Trump Put 5,000 Taliban Fighters Back in Battle and Tied Biden’s Hands in Afghanistan
It’s amazing how America’s national security landscape changed in just four years. With the Islamic State on the ropes after the fall of Mosul, in February 2017 defense expert Andrew Exum proclaimed, “Donald Trump will defeat ISIS and it will mostly be due to the work of his predecessor.” But with Trump’s successor just weeks into his term, David Von Drehle in March urged the United States to “cut its losses” in concluding, “Biden has to take the loss in Afghanistan.”
By all indications, that is precisely what is happening. With President Biden’s deadline for the final withdrawal of American troops now just weeks away, the feared fall of the government in Kabul looks much more imminent than U.S. national security policymakers imagined. The Taliban’s estimated 80,000 fighters have seized a dozen provincial capitals, including Afghanistan’s second largest city Kandahar. On Thursday, the Biden administration announced the deployment of 3,000 U.S. troops to Kabul airport to protect evacuating American personnel. It seems inescapable that the evaporation of Afghanistan’s 300,000-plus security forces and the final descent of the country into chaos and carnage will occur on Joe Biden’s watch.
But what is very disputable is the blame game now underway. While Politico headlines regurgitate GOP sound bites like “Biden on Afghanistan: Not My Problem,” CNN’s Peter Bergen charged that “Biden deserves blame for the debacle in Afghanistan.” Even the Washington Post editorial board got in the act, proclaiming, “Afghan lives ruined or lost will be part of Biden’s legacy.” Sadly, these “hot takes” are revisionist history of the worst kind. Not only was President Bush’s invasion of Afghanistan arguably doomed to fail before it began. It was Donald Trump’s February 2020 peace agreement with the Taliban that set an early timetable for an American withdrawal and put 5,000 imprisoned Taliban fighters back into battle.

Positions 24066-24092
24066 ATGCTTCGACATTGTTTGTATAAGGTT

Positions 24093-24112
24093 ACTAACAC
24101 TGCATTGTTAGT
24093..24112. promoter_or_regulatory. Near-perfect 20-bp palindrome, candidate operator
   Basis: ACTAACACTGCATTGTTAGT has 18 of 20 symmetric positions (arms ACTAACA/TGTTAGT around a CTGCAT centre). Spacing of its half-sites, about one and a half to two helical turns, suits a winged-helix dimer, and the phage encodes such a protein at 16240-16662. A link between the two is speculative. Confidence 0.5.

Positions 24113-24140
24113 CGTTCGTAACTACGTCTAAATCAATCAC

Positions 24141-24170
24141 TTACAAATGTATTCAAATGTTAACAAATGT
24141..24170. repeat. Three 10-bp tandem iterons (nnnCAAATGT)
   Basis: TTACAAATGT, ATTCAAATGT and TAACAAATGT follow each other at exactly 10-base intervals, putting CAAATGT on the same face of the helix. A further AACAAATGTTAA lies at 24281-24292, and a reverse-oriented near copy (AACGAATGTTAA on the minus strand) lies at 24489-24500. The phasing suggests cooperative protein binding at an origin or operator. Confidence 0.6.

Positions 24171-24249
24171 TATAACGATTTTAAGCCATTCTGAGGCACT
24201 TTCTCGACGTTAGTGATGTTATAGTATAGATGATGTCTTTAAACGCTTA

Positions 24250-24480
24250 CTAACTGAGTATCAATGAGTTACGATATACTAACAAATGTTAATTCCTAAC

As the Council on Foreign Relations documented, the U.S.-Taliban talks in Doha led by Ambassador Zalmay Khalilzad set a May 1, 2021 target date for the pull-out of all American troops in Afghanistan. In exchange, the Taliban agreed to a cease fire and promised to end its support for terrorist groups including Al Qaeda. Negotiated without the participation of the government of President Ashraf Ghani, the agreement required Kabul to release 5,000 Taliban prisoners in exchange for 1,000 Afghan security personnel held by the Taliban. Separate discussions between the Afghan government and the Taliban were to begin only after that swap was complete, prompting deputy Taliban leader Sirajuddin Haqqani to declare in a New York Times op-ed:
“If we can reach an agreement with a foreign enemy, we must be able to resolve intra-Afghan disagreements through talks.”
But the February agreement guaranteed that the Taliban could just wait the Americans out. Even before its talks with the Afghan government were to begin, the Taliban already secured a reduction of U.S. troop levels from 12,000 to 8.600 within 135 days. The remainder of American and allied forces was to be completed by May 1, 2021. As conservative David French lamented on March 3, 2020:
There is a difference between peace and retreat. The Trump administration’s agreement with the Taliban represents a full retreat. It’s an agreement that most Republicans would deplore if a Democrat president made the deal, and they’d be right to be angry […]
The combination of the planned American retreat and the planned prisoner release would represent a substantial change in the balance of forces in Afghanistan. This would come without any agreement by the Taliban to cease hostilities against our allies.
At this point, the deal looks worse than a simple withdrawal. America can leave all on its own without also agreeing to seek the release of Taliban prisoners. It can leave all on its own without promising to ease sanctions. So why agree to the additional concessions?
French was exactly right. If that 5 to 1 ratio for the prisoner exchange sounds familiar, it should. After all, in June 2014 President Obama approved the release of five Taliban detainees from Guantanamo Bay in order to secure the release of U.S. Army Sgt. Bowe Bergdahl. For that, Donald Trump urged Obama’s impeachment “for incompetence.”